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Democracy domino effect?

By Wolf Blitzer

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WASHINGTON (CNN) -- Until the late 1980s, very few people seriously believed that the so-called "captive nations" of communist Eastern Europe and the Soviet bloc would ever be free. But the collapse of the Soviet Union a dozen years later set the stage for a new era in Europe. The former Soviet republics are now independent, democratic states.

That is also true of the former Warsaw Pact nations, including Poland, Hungary, Bulgaria, Romania and the Czech Republic. Democracy flourishes in that part of the world. For those of us old enough to remember what was for so many decades a fact of life, it is truly a remarkable development.

It's probably not very surprising, therefore, that most of those formerly communist nations are now in the forefront in supporting President Bush's tough stance toward Iraqi President Saddam Hussein. This is how Latvia's President, Vaira Vike-Freiberga, put it to me this week shortly after she emerged from a meeting with President Bush at the White House: "Because we have had experience of loss of liberty. We have experienced tyranny and we know that the Second World War and its sequels were new and large part to not containing, for instance Hitler's ambitions, when there was still time." She added: "This part of Europe was cut off from the rest of it and knew exactly what it means to live under tyranny and the price of appeasement. We paid it. We paid it."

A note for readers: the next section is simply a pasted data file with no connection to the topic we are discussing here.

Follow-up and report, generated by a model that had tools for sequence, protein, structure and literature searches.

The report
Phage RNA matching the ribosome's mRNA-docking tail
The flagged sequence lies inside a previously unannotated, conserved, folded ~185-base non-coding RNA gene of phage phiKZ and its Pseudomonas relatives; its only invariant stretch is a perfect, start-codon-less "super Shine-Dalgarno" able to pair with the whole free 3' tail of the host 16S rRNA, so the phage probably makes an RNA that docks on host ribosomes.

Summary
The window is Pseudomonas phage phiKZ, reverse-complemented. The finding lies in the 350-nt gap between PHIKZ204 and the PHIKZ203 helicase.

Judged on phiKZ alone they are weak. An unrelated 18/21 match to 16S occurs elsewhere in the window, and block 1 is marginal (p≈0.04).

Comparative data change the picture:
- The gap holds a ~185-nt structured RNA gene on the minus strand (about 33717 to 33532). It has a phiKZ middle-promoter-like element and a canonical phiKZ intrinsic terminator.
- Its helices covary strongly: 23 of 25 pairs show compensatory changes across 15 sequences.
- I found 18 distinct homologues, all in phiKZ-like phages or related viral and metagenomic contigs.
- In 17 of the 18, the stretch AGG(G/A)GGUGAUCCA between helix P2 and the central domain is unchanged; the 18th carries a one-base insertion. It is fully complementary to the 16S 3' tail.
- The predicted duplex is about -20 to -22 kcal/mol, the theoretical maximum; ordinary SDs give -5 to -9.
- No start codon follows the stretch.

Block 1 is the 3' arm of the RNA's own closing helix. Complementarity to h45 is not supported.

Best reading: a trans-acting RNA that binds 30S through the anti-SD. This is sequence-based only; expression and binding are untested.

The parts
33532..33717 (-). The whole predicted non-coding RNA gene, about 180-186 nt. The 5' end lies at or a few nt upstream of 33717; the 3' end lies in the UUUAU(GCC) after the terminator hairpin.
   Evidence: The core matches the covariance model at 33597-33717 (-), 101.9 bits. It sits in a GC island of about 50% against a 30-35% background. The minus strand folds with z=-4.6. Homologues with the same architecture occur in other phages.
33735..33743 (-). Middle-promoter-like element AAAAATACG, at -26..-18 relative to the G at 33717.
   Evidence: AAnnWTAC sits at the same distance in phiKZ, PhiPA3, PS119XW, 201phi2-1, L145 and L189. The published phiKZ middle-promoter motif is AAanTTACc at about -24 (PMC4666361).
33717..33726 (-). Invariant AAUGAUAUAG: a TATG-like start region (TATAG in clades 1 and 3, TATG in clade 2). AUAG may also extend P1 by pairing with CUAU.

She is not alone, as President Bush and his aides constantly remind us. Defense Secretary Donald Rumsfeld, as you may recall, caused a huge stir when he said these newly democratic states are part of the "new Europe," as opposed to France and Germany, which be branded "old Europe." The French and the Germans deeply resented Rumsfeld's comments.

Now, Bush administration officials are taking the initiative in raising questions about spreading democracy through the Arab world. In December, Secretary of State Colin Powell delivered a major speech on the subject -- asking why Arab states, by and large, seem immune from accepting real democratic reforms. The government of Qatar quickly embraced Powell's initiative but most other Arab states either rejected or ignored it.

Many top Bush administration officials seriously believe that could change if Saddam Hussein is removed -- one way or another. They say a new, democratic era might eventually emerge in Baghdad. They say that could then spread to other parts of the Arab world, most of which have failed to create democratic political structures and traditions. We shall see.

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